Tips to Tuck Into Your Shirt Pocket

 | Dec 31, 2012 | 1:35 PM EST  | Comments
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So the New Year is upon us at last. I have thrown out a few ideas and predictions for the stock market in the year ahead, and it's my hope that these cheap stocks will allow us to make some money over the next year or two. But, before we move into Monday-night party mode to celebrate the random turning of a calendar page, I would like to share some thoughts and ideas that might be even more helpful than a handful of stock ideas.

These market maxims just might help keep your approach to investing businesslike, as Ben Graham suggested many years ago -- giving you the thought processes needed to stay calm, and buy fear and sell greed. None of them are entirely original, and have been stolen part and parcel from some of the greatest investors in history. They have served me well for a long time now, and I hope they work for you, too.

First and foremost are book-value matters. This is the single most important variable in stock selection, in my opinion. You can keep the entire income statement and just give me the balance sheet. From the absolute level of the book value and growth rate, I can determine pretty much everything I need to know about a company. Everyone else focuses on earnings, and that is exactly the wrong tack.

When approaching the stock market, react -- do not predict. All the stories of people that successfully predicted some extreme market movement, and made a fortune at it, do make for good reading. However, it is usually due to luck far more than to skills. If you read about all the amounts of money lost trying to predict market moves, you would find yourself working through a library. From time to time, the stock market will create an enormous amount of opportunities when fear holds investors in its chilly grip, and when selling is wanton. During those times, be a buyer. Conversely, it is best to be a seller when the champagne is flowing and everyone is bragging about all the money they made in the stock markets' new world order.

In short, do not do what everyone else is doing. I talk to traders all the time about this. I patiently explain that, by trading the same stuff everyone else does, they pretty much guarantee lackluster results. I suggest that, as an example, they focus on stocks of companies whose CEOs and CFOs are buying. We saw gains in 75% of the more than 350 stocks that qualified this year, and the average gain on all positions was 33%. Why not concentrate on those? There is some good deal of evidence that traders would do well to cull the herd of falling knives and find those names that have near-term technical or statistical tendencies to rise.

After folks agree with me, they tend to point out that Apple's (AAPL) store in Billings, Mont., had long lines last weekend. They'll point out that the squiggle line is close to crossing the choppy line in an ascending diamond reverse mountain pattern, and they need to jump on that sucker before it breaks out. Do not be that guy. Look for niches and situations that give you an edge, and concentrate on those scenarios. If you want to play around, head to Vegas for a weekend.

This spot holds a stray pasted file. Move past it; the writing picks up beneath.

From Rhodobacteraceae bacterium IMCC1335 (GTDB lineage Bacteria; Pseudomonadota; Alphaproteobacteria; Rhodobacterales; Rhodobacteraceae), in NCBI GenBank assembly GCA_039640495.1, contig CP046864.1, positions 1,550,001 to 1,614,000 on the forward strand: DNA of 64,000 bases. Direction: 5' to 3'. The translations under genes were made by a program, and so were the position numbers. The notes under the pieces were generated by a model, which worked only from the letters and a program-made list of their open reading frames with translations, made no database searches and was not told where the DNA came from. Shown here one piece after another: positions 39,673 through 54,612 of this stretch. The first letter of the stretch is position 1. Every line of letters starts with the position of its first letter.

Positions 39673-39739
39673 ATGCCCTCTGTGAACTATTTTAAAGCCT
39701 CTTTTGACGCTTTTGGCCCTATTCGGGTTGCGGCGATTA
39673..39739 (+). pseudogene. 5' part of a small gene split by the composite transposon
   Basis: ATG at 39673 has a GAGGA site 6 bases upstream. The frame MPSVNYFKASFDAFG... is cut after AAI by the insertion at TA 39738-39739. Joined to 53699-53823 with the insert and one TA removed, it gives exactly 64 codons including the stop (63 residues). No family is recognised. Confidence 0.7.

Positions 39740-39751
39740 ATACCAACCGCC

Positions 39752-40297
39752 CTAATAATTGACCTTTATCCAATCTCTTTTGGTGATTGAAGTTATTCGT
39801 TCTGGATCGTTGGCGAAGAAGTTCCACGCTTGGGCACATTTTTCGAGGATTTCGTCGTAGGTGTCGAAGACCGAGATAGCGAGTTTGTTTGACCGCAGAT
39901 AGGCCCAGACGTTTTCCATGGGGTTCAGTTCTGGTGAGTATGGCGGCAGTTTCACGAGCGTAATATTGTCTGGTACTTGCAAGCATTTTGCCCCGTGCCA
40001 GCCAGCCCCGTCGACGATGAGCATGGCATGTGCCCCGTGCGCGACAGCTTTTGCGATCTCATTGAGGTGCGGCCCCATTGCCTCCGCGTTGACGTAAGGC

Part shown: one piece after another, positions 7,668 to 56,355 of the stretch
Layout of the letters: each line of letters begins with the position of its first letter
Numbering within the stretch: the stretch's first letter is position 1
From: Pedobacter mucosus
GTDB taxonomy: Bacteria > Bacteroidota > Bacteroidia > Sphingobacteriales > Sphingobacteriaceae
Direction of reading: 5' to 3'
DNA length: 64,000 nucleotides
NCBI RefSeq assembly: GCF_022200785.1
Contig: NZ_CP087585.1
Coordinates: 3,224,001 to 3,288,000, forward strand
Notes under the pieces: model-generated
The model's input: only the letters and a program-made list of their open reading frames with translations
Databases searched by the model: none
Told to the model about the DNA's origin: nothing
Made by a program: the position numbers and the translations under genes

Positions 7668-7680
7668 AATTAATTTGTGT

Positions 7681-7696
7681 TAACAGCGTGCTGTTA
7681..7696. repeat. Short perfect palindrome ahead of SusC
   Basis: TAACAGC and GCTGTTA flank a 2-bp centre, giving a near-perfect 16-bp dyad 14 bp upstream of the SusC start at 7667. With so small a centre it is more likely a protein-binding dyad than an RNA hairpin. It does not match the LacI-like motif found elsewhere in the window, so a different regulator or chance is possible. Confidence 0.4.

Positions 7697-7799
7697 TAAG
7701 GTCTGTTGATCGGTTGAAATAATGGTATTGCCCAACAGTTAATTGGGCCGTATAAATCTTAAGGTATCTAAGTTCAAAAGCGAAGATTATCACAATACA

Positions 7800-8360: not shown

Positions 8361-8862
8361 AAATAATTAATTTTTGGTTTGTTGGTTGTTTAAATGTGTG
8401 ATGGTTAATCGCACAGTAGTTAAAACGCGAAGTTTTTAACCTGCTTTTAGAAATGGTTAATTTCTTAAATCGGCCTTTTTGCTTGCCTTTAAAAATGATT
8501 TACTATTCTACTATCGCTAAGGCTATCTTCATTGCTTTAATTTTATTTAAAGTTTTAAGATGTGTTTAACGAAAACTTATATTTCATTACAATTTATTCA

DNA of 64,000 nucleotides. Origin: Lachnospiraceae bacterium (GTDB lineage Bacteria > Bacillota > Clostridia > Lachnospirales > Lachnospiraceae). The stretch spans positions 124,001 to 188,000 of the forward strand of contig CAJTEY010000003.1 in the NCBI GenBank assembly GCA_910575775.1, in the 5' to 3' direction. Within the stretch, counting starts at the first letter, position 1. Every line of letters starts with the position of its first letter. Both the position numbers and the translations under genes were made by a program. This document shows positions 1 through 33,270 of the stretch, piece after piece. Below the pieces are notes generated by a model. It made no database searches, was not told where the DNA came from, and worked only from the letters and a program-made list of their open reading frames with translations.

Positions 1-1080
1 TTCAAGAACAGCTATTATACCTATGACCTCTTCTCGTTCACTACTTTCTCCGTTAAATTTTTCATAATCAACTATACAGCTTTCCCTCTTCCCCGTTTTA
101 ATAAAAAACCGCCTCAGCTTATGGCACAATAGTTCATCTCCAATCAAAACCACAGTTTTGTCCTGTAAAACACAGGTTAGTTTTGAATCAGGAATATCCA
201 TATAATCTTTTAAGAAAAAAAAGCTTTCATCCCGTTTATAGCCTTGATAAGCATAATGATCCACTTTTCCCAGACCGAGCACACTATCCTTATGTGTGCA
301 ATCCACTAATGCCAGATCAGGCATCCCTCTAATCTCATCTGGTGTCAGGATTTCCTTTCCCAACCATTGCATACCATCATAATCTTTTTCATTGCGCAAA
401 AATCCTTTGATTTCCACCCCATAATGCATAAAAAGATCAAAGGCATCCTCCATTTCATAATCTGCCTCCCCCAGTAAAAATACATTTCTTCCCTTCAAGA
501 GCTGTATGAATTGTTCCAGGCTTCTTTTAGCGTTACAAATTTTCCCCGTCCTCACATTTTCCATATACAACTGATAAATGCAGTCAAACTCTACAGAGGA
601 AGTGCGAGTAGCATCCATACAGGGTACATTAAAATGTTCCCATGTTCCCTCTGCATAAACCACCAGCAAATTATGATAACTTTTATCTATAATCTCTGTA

Investors should buy businesses, not electronic tickers. Think long-term and ignore that quarterly short-term focus of Wall Street. A penny or two of variation in quarterly earnings is pretty much meaningless in determining what the hotels in Sunstone Hotel Investors (SHO) will be worth in five years. Think like a private-equity investor and buy unloved assets no else wants, and own them for a long time. When everyone else in the market loves them and the assets sell at a premium, go ahead and sell them to the clamoring public.

To thrive as a long-term investor you must first survive. When approaching a stock, the two most important questions you must ask yourself are: (1) Is it cheap? (2) Can the company survive? If the answer to both questions is "yes," you usually have a stock with a margin of safety, and over time the upside should take care of itself.

Read everything you can. Know what's going on in the world, in politics and in the markets. A working knowledge of social and demographic trends and events will help you understand why a particular stock is cheap and what its prospects are for survival. Make it a point to read those who disagree with you, and those who approach markets differently from how you do. Be open-minded and only be dogmatic about book value.

The hardest thing you will ever do is to buy at the point of maximum pessimism. Buying coal stocks right now is as difficult as buying European banks had been last year. When no one likes a company, sector or asset, and they are selling as fast as they can, it is time to evaluate the situation as a buyer. The best investments you will ever make are when you are a buyer of last resort in a panic.

It's called asset-based value investing. It requires research, discipline and patience. It does work very well, however -- and, given most people's short-term focus and need for constant action, it is not a very crowded field. I doubt it ever will be.

Happy New Year to all, and thanks once again to all our readers and my fellow contributors. I especially want to thank the Real Money editors for another year of making me look much smarter than I actually am, and for tolerating my ridiculously poor typing skills.

Good luck to us all in 2013.

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